Understanding the role of socioeconomic status on children’s mental health, accounting for neighbourhood effects
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Netherlands Interdisciplinary Demographic Institute / University of Groningen, Netherlands
University of Groningen, Netherlands
Publication date: 2023-04-26
Popul. Med. 2023;5(Supplement):A791
Background and Objective:
Socioeconomic inequalities and mental health are the main threats children face nowadays. While there is evidence that children living in deprived neighbourhoods face higher adverse exposures and poorer mental health outcomes, questions about the causality of this association remain. In the present study, we account for the endogeneity of socioeconomic difference and neighbourhood choice in the analysis to draw closer to the causal association between neighbourhood socioeconomic characteristics and children’s mental health.

Our sample (n=1802) is extracted from the Lifelines Cohort Study and is from children between the ages of 7 and 13. We apply Inverse Probability Weighting (IPW) and a two-step framework based on previous studies to control for endogeneity and self-selection, respectively. We then perform four different linear regressions, from less to more complex, to analyse the association between socioeconomic neighbourhood characteristics and internalising/externalising behaviour in young children.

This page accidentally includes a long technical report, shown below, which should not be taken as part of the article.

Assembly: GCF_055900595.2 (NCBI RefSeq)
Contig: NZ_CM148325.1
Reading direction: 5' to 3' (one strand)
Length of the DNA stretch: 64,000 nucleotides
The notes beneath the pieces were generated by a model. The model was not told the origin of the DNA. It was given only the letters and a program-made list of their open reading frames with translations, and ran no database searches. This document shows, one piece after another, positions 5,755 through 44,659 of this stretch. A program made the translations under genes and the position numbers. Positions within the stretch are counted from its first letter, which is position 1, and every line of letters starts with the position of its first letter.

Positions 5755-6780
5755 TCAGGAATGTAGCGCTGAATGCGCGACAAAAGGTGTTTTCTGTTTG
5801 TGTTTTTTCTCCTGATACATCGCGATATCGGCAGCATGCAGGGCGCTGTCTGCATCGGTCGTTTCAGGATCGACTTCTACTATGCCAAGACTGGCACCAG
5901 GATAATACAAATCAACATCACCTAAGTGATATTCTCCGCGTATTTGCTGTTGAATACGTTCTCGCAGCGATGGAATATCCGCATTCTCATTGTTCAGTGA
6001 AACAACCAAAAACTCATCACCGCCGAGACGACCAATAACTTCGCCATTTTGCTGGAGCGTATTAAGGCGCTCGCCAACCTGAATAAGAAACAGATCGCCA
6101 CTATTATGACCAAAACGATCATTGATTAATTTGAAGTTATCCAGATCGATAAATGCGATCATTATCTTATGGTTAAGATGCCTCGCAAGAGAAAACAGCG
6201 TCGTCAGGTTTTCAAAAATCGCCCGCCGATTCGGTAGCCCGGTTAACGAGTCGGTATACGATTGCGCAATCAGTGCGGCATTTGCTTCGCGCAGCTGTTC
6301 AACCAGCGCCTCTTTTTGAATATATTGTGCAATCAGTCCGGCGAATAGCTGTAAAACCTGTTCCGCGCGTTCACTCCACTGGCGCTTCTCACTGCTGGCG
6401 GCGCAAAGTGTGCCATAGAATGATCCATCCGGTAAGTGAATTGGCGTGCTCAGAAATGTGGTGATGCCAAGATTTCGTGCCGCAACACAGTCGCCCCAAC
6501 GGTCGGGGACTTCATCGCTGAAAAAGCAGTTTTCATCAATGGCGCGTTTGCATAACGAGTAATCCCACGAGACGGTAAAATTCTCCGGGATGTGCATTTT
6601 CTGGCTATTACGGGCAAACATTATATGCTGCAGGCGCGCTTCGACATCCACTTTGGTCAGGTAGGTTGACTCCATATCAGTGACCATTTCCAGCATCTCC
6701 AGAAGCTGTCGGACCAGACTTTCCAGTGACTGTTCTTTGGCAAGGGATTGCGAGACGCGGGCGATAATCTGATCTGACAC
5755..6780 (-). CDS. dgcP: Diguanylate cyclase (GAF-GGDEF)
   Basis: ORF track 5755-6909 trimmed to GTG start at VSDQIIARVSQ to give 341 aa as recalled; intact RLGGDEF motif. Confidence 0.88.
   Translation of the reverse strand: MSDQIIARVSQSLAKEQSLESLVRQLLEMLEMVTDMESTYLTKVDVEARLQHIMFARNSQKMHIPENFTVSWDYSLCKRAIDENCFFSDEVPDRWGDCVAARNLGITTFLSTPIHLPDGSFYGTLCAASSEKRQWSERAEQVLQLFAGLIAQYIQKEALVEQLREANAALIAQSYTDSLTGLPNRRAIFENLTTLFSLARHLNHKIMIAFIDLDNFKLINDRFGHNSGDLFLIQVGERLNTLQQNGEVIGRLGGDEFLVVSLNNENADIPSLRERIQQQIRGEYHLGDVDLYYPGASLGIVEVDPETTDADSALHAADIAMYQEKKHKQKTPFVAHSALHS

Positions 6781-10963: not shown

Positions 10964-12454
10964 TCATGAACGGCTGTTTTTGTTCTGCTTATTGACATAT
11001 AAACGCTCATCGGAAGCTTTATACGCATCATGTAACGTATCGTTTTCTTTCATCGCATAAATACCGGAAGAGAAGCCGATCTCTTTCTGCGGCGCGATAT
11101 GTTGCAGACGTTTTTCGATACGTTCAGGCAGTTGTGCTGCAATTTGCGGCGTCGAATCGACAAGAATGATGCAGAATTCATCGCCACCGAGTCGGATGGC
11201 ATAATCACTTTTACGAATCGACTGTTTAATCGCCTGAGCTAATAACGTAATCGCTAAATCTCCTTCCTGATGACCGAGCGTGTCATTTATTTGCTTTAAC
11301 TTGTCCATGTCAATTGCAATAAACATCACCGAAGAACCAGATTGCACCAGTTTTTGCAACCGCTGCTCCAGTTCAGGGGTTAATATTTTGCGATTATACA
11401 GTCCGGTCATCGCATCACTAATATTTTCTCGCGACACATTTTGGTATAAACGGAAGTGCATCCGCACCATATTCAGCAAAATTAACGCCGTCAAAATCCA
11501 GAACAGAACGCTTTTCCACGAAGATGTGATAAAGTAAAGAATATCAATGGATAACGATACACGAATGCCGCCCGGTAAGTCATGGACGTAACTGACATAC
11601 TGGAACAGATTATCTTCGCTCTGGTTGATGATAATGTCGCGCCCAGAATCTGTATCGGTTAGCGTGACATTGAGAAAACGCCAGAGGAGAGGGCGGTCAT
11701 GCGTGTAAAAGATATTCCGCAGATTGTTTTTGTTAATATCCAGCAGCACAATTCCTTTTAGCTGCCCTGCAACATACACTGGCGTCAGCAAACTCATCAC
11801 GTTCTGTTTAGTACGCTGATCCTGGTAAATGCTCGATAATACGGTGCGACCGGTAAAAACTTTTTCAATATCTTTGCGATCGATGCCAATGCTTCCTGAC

We find evidence for an association between poorer neighbourhood socioeconomic characteristics and worse internalising and externalising behaviour problems in young children (7-13 years), even after adjusting for endogeneity and self-selection bias.

Our findings can be helpful for future preventive policies that aim to decrease the prevalence of mental health problems in children and adolescents, as they provide information on the role of the neighbourhood on children’s mental health and the underlying mechanisms of this association.